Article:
PITTSBURGH (KDKA) — The release of hundreds of documents related to alleged sexual abuse within the Boy Scouts program decades ago reveals a number of cases centered in the local viewing area.
Boy Scouts officials say those cases serve as teaching moments for policies that have evolved over time.
In a 1972 letter from an Erie scout executive referring to a scoutmaster who was accused of abuse, and later resurfaced in another troop, the executive wanted to drop the matter since the leader was seeking professional help.
“If it don’t stink, don’t stir it,” wrote the executive.
The purpose of the files was to keep suspected sex offenders out of scouting. In some cases, there was court action.
The documents reveal a case from 1960 in which a scout leader from Pittsburgh’s Friendship neighborhood paid a $50 fine in morals court and was removed from the scout rolls.
In a 1968 case involving a scout volunteer from Pittsburgh’s Hill District, a teenager reported the man performed what he thought was a medical examination on him.
“He asked me to take off my pants,” the teen said.
There is no indication that the case was reported to authorities, although the volunteer was removed from scouting.
In some cases, like a 1970 incident involving a volunteer from Mt. Washington, executives reported they did not have anything in writing, therefore they did not report the incident.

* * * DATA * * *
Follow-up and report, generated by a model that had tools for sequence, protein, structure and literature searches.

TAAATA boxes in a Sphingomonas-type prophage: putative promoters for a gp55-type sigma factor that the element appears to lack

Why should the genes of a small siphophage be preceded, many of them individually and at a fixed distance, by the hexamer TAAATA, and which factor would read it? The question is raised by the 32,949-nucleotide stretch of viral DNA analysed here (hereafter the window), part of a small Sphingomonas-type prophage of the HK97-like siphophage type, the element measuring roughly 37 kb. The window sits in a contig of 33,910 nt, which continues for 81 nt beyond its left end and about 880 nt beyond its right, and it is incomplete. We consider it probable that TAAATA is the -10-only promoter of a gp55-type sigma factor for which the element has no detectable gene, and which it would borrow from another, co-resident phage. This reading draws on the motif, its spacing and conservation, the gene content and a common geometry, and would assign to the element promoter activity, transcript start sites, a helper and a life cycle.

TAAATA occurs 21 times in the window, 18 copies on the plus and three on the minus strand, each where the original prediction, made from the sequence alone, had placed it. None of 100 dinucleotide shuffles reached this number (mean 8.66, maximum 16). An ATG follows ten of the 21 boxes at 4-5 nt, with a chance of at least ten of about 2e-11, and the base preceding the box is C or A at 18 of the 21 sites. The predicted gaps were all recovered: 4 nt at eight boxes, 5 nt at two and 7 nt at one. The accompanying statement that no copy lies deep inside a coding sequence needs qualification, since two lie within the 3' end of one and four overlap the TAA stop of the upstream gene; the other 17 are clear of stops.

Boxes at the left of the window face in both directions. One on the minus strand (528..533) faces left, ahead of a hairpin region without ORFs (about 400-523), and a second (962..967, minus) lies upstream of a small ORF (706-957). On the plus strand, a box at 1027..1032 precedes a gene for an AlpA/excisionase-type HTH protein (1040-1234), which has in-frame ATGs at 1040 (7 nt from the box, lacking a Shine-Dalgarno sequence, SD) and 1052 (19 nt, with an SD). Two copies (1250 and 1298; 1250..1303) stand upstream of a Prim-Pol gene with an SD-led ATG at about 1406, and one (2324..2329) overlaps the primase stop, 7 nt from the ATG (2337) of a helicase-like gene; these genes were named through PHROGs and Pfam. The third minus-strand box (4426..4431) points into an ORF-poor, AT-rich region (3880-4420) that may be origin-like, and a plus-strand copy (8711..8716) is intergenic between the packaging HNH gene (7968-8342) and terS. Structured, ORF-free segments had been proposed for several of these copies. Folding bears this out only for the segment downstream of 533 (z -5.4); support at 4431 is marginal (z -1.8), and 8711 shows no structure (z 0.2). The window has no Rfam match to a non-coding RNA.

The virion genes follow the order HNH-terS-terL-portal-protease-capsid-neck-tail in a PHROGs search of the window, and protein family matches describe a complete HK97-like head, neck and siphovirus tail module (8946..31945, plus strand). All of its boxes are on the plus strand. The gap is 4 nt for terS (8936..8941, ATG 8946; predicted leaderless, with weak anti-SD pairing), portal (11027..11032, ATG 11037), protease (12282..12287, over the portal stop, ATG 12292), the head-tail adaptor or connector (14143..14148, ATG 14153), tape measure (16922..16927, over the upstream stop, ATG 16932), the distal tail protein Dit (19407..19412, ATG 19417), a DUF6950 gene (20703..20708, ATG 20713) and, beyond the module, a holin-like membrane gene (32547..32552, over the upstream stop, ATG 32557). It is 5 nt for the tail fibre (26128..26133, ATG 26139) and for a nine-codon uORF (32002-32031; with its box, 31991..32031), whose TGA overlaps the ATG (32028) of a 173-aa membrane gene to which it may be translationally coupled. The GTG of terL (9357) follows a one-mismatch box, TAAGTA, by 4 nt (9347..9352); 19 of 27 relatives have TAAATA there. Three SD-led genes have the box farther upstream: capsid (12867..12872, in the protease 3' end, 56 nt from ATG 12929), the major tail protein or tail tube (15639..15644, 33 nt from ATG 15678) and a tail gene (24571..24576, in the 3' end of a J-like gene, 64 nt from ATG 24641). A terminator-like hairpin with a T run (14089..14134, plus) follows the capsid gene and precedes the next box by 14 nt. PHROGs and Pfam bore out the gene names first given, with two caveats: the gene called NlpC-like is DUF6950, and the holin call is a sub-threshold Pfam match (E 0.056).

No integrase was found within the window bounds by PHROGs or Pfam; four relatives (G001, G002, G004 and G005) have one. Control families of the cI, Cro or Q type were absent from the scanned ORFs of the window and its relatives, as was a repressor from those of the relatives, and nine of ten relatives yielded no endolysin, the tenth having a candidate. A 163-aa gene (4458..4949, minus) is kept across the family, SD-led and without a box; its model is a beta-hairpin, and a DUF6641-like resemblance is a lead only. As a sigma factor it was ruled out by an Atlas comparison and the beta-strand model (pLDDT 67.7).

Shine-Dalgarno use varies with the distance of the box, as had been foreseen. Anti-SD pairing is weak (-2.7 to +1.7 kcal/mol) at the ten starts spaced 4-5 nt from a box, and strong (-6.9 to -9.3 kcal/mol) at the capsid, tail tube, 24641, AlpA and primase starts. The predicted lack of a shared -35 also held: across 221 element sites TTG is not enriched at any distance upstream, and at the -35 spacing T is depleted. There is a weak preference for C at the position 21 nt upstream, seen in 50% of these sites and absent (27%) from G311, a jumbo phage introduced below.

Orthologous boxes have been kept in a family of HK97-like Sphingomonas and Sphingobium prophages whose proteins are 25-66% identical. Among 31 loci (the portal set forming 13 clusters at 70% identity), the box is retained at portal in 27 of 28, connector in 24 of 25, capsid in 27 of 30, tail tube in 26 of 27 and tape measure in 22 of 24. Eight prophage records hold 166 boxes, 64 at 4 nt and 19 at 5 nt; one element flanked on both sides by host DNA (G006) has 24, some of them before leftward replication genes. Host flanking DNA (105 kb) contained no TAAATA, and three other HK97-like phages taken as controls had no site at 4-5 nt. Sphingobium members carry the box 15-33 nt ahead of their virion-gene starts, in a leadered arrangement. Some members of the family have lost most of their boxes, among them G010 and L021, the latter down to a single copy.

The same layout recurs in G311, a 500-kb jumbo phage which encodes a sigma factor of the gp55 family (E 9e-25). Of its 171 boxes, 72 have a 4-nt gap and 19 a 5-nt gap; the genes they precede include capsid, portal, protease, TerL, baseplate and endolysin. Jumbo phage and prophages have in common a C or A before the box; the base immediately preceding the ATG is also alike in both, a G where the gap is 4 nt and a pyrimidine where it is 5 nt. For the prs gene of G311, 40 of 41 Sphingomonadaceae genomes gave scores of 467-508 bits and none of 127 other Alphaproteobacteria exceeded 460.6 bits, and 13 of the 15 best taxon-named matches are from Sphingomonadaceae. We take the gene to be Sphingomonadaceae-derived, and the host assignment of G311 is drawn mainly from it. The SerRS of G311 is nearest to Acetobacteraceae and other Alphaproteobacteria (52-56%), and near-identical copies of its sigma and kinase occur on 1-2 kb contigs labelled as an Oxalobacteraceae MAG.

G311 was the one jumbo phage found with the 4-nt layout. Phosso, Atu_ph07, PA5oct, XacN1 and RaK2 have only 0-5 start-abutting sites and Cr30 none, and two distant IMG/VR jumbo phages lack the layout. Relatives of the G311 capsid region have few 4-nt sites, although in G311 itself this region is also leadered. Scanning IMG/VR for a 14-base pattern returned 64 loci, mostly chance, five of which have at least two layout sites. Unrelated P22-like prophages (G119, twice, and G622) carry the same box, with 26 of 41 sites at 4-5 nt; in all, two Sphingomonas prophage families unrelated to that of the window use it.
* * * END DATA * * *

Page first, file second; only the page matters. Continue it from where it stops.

In one other local case, leaders talked about getting a judge to convince a suspected offender to shape up and implied the threat of news media exposure.
The release of these old records reinforce the reforms in place now, say Boy Scout officials.
National database criminal checks are automatic, and reporting suspected abuse is supposed to be guided by new standards.
Boys Scouts national Chief Scout executive Wayne Brock says, “scouting’s mandatory reporting policy requires members to report even suspicions of abuse directly to local law enforcement. Anyone suspected of inappropriate behavior will be immediately removed from scouting.”
The Boy Scouts national organization says today every Boy Scout and Cub Scout handbook includes information to help parents show their kids how to recognize resist and report abuse.